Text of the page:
Play has positive affect on development of the whole child, including cognitive, social, physical, and emotional skills. Although many of play’s amazing benefits are known, children today are spending less and less time playing (children today spend 8 hours less a week playing than children did 20 years ago). Teachers and parents should seek to actively protect and encourage playtime for children. Knowing key elements of play can help you better foster quality play.
A Range of Play
Play is not all or nothing–some play experiences are more ‘playful’ than others. When researchers are observing and evaluating play, they typically define play on a continuum of several key characteristics. Using these characteristics, the playfulness of a child’s play can be described from 0-100%. Of course, as parents and teachers, we aren’t often concerned about the quantified amount of play a child is involved in; But knowing these key elements of play can help us assess the quality of the experience (ex: Is this app/video/toy/situation really providing quality playtime for my child?) and gives us ideas on how to enrich and further engage our child during the play experience. The next time you are watching children play, think about these elements as you observe:
Play is Pleasurable
First and foremost, play is fun. In fact, if play is not fun it is considered work, which is the opposite of play. You can encourage enjoyable play by offering materials related to your child’s interests (ex: if you child loves animals, have some stuffed animals available. If you child loves building things, have building materials accessible, etc.). If your child becomes stressed or frustrated when playing, identify the cause and help your child work through this obstacle. Make sure fun is a top priority when you consider your child’s play!
Play is Intrinsically Motivated
A child’s desire to play stems from their need to understand the world. The urge to play is so strong that children can be found playing in even the most uninviting circumstances. In order for play to be meaningful and authentic, it is important that the child has the desire to be playing in the first place. When a child is intrinsically motivated to play, the play results in genuine exploration. While your child may sometimes need guidance to play (ex: “How about you go outside and play instead of watching TV?”), seek to create situations where your child is more inclined to initiate and perpetuate the play themselves.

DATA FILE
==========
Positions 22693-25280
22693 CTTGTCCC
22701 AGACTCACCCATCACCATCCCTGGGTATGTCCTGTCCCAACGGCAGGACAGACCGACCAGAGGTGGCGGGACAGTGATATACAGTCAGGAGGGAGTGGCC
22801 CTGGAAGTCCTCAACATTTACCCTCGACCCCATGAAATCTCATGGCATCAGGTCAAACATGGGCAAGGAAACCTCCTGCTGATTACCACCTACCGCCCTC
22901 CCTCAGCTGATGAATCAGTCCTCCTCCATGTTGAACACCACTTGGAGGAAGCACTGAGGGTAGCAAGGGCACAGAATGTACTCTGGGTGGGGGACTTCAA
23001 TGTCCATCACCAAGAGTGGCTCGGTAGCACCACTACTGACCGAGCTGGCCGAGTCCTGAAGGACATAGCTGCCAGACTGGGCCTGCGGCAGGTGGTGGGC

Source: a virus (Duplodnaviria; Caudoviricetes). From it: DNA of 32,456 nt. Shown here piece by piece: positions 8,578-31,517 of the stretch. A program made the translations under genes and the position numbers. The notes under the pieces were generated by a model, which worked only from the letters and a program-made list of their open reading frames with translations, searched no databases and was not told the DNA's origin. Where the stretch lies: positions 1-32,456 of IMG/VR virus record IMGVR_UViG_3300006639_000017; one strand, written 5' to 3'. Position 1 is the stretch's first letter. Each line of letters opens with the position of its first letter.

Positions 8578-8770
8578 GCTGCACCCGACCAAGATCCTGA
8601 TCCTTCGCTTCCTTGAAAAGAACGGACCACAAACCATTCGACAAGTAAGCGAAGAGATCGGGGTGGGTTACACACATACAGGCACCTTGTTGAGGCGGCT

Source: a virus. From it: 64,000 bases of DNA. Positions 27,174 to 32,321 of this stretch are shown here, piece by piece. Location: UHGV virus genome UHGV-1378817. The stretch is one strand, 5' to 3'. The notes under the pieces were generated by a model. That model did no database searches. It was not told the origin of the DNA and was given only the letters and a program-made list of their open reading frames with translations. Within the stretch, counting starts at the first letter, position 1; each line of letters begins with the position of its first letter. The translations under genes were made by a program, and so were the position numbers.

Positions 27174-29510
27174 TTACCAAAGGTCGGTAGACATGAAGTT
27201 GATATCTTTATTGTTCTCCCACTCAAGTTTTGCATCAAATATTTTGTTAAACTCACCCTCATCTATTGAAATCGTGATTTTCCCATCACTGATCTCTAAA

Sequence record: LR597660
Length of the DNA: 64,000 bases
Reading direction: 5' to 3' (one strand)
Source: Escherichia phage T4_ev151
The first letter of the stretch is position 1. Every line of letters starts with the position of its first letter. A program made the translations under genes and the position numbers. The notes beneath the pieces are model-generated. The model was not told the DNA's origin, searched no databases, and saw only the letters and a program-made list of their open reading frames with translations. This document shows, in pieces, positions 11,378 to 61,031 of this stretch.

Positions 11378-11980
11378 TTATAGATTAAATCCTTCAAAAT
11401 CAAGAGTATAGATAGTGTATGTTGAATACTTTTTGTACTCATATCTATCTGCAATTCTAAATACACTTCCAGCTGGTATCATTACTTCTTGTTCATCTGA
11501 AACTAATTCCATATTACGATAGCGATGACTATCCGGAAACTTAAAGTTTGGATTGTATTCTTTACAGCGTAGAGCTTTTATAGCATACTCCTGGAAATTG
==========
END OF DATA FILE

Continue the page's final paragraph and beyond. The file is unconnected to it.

Play is Process Oriented
Play is more focused on the process of the activity, not the result of the activity. It is the experience of play that inspires development of the whole child. The prize of play is not our child learning how to build the best fort or become an award-winning actor, it is the skills developed through the course of attempting fort building or acting. This is a key element for adults to accept and actively remember, especially when playing with children.
Play is Freely Chosen
Play being intrinsically motivated and freely chosen go hand in hand. Often, if play is freely chosen there is more intrinsic motivation at work. In order to encourage freely chosen play, have a variety of open-ended materials available for your child to interact with. Open-ended materials are materials that can be used in a variety of ways and encourage creativity. For example, when a child could play with a block in many ways, including pretending it is a spaceship. A toy spaceship, however, is usually only played with as a spaceship. Other open-ended play materials could be cardboard (boxes, tubes, etc.), tunnels, balls, and craft materials (ribbon, paper, sticks, etc.).
Play is Actively Engaged
Players should be physically and/or mentally involved in the experience. In order to encourage active engagement, minimize unnecessary distractions while your child is playing. Having the TV on, having too many toys available, and interrupting your child’s play are all typical distractions that can be possible to avoid.
Play is Non-Literal
Pretend is a cornerstone of play. Pretend transforms any activity from boring to inspiring. Pretend play is captivating and often contagious. One of the best ways to encourage pretend play for your child is to pretend with them! When adults engage in pretend play it communicates to your child that pretend play is good and models imaginative thinking. Open ended materials and a variety of everyday objects can also foster pretend play.
Play gives us a look inside to what’s going on as your child grows and develops in every area – physically, intellectually, socially and emotionally. This course teaches you all about it – great for parents and especially for those who take care of your child.
The Power of Play by Dr. Rachel E. White